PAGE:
Nature-Inspired Optimization Algorithms || Other Algorithms and Hybrid Algorithms
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15 Other Algorithms and HybridAlgorithms
There are many other algorithms in the literature, but we have not covered them in detailin this book. One of the reasons is that some of these algorithms, such as ant colonyoptimization and harmony search, have extensive literature and books devoted to them,so readers can easily find information about them elsewhere. While for some otheralgorithms, such as some of the hybrid algorithms, their efficiency and performancemay be preliminary, and further research is needed to verify these results.
However, for completeness, here we briefly introduce a few other widely used algo-rithms and briefly touch on some of the hybrid algorithms.
15.1 Ant Algorithms
15.1.1 Ant Behavior
Ants are social insects that live together in organized colonies whose population sizecan range from about 2 million to 25 million. When foraging, a swarm of ants ormobile agents interact or communicate in their local environment. Each ant can layscent chemicals or pheromone so as to communicate with others, and each ant is alsoable to follow the route marked with pheromone laid by other ants. When ants find afood source, they mark it with pheromone as well as marking the trails to and fromit. From the initial random foraging route, the pheromone concentration varies. Theants follow the routes with higher pheromone concentrations, and the pheromone isenhanced by the increasing number of ants. As more and more ants follow the sameroute, it becomes the favored path. Thus, some favorite routes emerge, often the shortestor more efficient. This is actually a positive feedback mechanism.
Emerging behavior exists in an ant colony; such emergence arises from simpleinteractions among individual ants. Individual ants act according to simple and localinformation (such as pheromone concentration) to carry out their activities. Althoughthere is no master ant overseeing the entire colony and broadcasting instructions tothe individual ants, organized behavior still emerges automatically. Therefore, suchemergent behavior can be similar to other self-organized phenomena that occur inmany processes in nature, such as the pattern formation in some animal skins (e.g.,tiger and zebra skins).
The foraging pattern of some ant species (such as army ants) can show extraordinaryregularity. Army ants search for food along some regular routes with an angle of about
Nature-Inspired Optimization Algorithms. http://dx.doi.org/10.1016/B978-0-12-416743-8.00015-4 2014 Elsevier Inc. All rights reserved.http://dx.doi.org/10.1016/B978-0-12-416743-8.00015-4
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123 apart. We do not know how they manage to follow such regularity, but studiesshow that they could move into an area and build a bivouac and start foraging. On thefirst day, they forage in a random direction, say, the north, and travel a few hundredmeters, then branch to cover a large area. The next day they will choose a differentdirection, which is about 123 from the direction on the previous day, and so coveranother large area. On the following day, they again choose a different direction about123 from the second days direction. In this way, they cover the whole area over abouttwo weeks and then move out to a different location to build a bivouac and forage inthe new region .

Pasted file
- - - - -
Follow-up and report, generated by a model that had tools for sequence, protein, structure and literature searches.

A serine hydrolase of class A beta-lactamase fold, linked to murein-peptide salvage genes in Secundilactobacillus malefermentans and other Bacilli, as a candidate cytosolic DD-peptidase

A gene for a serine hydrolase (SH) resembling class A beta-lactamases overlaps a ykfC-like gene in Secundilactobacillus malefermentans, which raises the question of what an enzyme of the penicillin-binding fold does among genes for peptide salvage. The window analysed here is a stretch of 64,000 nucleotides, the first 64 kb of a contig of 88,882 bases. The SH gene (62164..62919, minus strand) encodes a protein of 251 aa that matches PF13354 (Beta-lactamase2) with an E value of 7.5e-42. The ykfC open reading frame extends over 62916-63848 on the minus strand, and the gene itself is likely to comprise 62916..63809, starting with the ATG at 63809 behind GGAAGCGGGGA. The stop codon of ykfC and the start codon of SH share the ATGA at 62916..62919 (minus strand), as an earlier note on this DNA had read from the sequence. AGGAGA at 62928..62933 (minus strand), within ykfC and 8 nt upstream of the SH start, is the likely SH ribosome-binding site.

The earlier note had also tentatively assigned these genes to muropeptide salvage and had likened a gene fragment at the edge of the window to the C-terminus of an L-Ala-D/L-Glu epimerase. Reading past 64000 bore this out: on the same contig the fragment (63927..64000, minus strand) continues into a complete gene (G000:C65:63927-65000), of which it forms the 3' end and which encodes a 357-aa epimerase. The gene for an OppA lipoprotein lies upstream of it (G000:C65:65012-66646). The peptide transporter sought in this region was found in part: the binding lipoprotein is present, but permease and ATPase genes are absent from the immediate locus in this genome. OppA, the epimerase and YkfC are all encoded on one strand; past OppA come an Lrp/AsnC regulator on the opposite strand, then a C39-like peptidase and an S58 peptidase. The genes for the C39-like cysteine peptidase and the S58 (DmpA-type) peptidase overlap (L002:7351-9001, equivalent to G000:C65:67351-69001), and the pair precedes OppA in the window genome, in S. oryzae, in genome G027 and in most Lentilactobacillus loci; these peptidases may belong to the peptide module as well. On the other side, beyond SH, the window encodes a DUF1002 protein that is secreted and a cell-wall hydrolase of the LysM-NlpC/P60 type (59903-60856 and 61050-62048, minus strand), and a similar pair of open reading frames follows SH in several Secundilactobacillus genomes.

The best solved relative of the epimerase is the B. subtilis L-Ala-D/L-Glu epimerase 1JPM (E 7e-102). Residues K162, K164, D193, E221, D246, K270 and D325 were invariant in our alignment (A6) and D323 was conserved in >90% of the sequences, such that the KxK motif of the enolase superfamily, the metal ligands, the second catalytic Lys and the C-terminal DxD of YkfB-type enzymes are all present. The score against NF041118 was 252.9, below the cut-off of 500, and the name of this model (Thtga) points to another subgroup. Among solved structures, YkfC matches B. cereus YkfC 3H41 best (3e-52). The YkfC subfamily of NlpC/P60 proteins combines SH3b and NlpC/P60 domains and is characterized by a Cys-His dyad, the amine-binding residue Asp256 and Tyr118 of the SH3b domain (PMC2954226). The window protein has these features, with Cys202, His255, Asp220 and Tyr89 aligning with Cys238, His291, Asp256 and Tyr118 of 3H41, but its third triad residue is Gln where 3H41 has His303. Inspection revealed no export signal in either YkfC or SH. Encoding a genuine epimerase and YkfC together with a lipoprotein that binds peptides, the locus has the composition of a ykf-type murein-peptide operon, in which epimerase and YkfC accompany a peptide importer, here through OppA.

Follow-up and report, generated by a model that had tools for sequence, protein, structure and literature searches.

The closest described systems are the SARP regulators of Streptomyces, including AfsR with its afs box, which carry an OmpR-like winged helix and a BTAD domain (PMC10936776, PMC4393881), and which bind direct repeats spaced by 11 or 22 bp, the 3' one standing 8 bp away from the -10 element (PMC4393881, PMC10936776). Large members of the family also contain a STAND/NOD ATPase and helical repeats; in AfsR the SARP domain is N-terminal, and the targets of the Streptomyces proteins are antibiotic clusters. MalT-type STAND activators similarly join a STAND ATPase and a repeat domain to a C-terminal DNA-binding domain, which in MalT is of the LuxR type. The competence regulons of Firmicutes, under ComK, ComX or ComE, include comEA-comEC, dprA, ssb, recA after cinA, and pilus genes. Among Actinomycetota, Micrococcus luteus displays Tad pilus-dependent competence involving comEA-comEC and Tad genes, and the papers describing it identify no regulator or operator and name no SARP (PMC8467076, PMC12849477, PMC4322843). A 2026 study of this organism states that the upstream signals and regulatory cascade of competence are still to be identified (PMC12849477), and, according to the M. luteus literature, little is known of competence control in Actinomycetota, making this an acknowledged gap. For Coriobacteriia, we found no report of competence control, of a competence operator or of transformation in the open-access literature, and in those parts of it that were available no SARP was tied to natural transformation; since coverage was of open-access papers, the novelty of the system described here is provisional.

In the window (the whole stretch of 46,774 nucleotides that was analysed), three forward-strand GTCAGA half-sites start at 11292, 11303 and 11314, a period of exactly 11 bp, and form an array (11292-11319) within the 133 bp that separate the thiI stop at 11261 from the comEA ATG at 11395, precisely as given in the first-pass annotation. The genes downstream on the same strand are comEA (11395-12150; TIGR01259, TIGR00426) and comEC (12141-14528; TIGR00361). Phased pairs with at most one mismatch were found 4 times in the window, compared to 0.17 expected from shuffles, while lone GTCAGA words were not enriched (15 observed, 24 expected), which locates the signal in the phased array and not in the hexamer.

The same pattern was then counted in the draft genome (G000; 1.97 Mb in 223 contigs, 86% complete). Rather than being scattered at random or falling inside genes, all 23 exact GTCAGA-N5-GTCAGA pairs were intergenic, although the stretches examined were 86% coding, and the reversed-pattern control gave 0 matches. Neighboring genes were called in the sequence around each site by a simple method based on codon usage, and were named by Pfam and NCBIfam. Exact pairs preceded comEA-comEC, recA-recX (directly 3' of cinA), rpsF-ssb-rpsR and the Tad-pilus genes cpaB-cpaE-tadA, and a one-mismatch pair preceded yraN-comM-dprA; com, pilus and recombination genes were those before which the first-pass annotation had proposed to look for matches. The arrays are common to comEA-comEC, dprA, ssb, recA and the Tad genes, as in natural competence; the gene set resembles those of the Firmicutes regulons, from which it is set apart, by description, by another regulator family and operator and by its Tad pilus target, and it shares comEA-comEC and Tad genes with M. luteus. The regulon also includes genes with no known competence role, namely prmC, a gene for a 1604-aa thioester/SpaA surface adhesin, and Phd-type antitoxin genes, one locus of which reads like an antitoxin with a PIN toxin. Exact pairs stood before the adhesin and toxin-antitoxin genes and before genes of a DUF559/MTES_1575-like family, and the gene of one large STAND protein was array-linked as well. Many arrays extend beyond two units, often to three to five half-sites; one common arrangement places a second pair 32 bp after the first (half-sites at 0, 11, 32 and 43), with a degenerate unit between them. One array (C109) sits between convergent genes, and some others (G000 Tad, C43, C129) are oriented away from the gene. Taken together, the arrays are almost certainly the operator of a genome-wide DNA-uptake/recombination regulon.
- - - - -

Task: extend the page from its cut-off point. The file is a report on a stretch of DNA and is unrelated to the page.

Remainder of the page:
The interesting thing is that ants do not use the angle of 360/3 = 120 (this wouldmean that on the fourth day, they will search the empty area already foraged on thefirst day). The beauty of this 123 angle is that after about three days, it leaves an angleof about 10 from the direction of the first day. This means the ants cover the wholecircular region in 14 days without repeating or covering a previously foraged area. Thisis an amazing phenomenon.
15.1.2 Ant Colony Optimization
Based on these characteristics of ant behavior, scientists have developed a number ofpowerful ant colony algorithms, with important progress made in recent years. MarcoDorigo pioneered the research in this area in 1992 [6,7]. Many different variants haveappeared since then.
If we use only some of the features of ant behavior and add some new characteristics,we can devise a class of new algorithms.
There are two important issues here: the probability of choosing a route and the evap-oration rate of pheromone. There are a few ways of solving these problems, althoughit is still an area of active research. Here we introduce the current best method.
For a network routing problem, the probability of ants at a particular node i to choosethe route from node i to node j is given by
pi j =i j d
i, j=1 i j di j